And for any of you who may wonder... I'm not vertically challenged; I was sitting down. After this photo was taken, Paige had a lot more books to sign, so Denis and I found ourselves talking with Jenn McKinlay, another of our favorite people. I got a hug from her, too (and was told to go home and put my leg up when she learned we were leaving). I also spoke a few words with and shook hands with Mark de Castrique who was on his way to the signing table, and I got a few more welcome backs from others.

Oh boy, is it ever nice to go somewhere because you WANT to, not because you HAVE to!

On to the links!

►Books & Other Interesting Tidbits◄

►Channeling My Inner Indiana Jones◄

►Channeling My Inner Elly Mae Clampett◄
  • On designing floating buildings with an eye to the marine species living underneath, or an upside-down artificial reef.
  • A farewell to Ming, the Siberian-Bengal tiger who spent three years in a Harlem apartment.
  • The best places around the world to see bats (by the millions).
  • A new study reveals how the last woolly mammoths died out 4,000 years ago. That's after the Egyptians built the pyramids.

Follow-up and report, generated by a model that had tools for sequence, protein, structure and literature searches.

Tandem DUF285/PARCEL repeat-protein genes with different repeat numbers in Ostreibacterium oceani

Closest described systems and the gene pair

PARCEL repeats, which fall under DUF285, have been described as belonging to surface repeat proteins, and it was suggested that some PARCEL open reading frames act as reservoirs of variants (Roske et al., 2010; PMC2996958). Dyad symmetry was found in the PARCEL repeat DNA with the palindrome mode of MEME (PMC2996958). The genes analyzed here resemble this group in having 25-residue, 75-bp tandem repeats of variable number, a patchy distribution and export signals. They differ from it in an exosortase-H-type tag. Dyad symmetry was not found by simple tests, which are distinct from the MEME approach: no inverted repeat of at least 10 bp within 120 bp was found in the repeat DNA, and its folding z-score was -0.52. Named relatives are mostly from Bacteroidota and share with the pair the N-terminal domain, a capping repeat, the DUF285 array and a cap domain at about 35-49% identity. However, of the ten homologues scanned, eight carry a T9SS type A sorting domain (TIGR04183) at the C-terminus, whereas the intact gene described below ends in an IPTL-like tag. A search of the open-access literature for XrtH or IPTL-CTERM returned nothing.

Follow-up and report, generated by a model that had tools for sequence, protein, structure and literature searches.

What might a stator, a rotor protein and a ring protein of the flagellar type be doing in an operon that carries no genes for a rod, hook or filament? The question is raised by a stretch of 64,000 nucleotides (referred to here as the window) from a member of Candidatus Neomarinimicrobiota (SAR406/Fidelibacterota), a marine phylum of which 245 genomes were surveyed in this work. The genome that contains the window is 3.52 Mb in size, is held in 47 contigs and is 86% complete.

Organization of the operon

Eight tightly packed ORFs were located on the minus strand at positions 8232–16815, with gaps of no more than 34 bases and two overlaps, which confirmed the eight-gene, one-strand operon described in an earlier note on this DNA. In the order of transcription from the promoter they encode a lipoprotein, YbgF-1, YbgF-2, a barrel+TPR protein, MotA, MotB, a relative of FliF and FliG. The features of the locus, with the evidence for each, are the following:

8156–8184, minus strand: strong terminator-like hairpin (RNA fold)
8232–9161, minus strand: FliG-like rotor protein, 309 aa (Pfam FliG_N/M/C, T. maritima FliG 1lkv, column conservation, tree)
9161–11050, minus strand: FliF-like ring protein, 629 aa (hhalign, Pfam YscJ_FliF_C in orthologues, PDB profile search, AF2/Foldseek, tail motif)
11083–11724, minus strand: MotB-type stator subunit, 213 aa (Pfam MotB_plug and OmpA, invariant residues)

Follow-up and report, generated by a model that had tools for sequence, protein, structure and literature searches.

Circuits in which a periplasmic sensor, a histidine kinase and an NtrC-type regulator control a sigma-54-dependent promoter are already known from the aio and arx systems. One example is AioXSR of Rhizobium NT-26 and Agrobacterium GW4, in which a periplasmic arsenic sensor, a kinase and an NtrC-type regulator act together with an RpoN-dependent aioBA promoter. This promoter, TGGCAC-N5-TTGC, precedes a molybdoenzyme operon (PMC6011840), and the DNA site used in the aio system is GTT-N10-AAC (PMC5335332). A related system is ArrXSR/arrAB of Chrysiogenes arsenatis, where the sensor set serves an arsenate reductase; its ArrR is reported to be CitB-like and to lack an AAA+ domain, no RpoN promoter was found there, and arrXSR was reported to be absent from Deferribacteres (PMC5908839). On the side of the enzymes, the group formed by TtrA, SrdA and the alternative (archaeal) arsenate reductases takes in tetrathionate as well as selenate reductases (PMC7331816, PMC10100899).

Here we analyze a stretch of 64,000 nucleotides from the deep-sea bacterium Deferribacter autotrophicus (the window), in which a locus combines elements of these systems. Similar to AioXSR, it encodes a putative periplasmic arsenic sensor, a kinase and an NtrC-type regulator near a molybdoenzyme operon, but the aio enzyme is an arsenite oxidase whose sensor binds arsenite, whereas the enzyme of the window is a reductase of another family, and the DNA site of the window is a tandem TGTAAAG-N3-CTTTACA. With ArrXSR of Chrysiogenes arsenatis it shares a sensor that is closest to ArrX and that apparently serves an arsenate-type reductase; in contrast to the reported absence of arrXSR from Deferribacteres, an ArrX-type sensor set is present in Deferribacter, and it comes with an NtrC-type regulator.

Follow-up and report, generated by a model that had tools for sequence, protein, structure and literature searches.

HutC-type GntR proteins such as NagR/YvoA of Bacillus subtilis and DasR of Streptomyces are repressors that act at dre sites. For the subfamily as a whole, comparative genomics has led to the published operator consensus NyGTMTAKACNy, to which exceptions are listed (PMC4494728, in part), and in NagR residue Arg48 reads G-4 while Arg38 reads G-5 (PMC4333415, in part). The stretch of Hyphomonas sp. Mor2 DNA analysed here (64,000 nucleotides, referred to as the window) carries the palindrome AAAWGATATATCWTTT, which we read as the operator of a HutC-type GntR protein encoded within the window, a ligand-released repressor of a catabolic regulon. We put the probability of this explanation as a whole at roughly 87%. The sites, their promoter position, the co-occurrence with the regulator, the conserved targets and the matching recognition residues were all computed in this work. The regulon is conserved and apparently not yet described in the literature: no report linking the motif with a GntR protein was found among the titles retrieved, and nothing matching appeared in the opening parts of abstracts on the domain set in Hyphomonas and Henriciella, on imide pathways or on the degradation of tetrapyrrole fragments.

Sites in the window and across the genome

• On an active volcano, a northern fur seal population is booming.
  • Connecting with coyotes on the prowl. 
  • Compassionate divers gently coax a reticent octopus to trade a flexible plastic cup for a protective shell. (I'm becoming more and more fascinated by these creatures!)
  • A rescued dog comforts a tiny foster kitten during a bath.

  • ►The Happy Wanderer◄
  • A sleeping chateau, untouched since the Revolution, is for sale in France.
  • Germany's Waldsassen Abbey is the fairy tale library you need to visit.
  • The crime fiction of Rangoon
  • How Taiwan has achieved one of the highest recycling rates in the world.

  • ►Fascinating Folk◄
  • Why Henry VIII blamed his impotence on his wife's looks. (Uh... because he was spoiled rotten, king, and could get away with it?)
  • Iowan John Sandford read 126 books from the Cedar Rapids library one summer. Now he's a bestselling author of more than fifty thrillers.
  • How Mary Roberts Rinehart, queen of the mystery novel, was very nearly murdered.
  • M is for missing Sue Grafton.
  • Dorothy L. Sayers: A crime reader's guide to the classics. 
  • Billy Connolly: "Going to the library changed my life. It may even have saved it."

  • ►I ♥ Lists◄
  • A personal history of gothic fiction in ten books.
  • Five mystery series that will take you on a tour of the South Pacific
  • Crime novels for angry women in an angry world. 
  • Eleven books like Where the Crawdads Sing.
  • Top ten books about Europe.
  • Top ten books about black radicalism.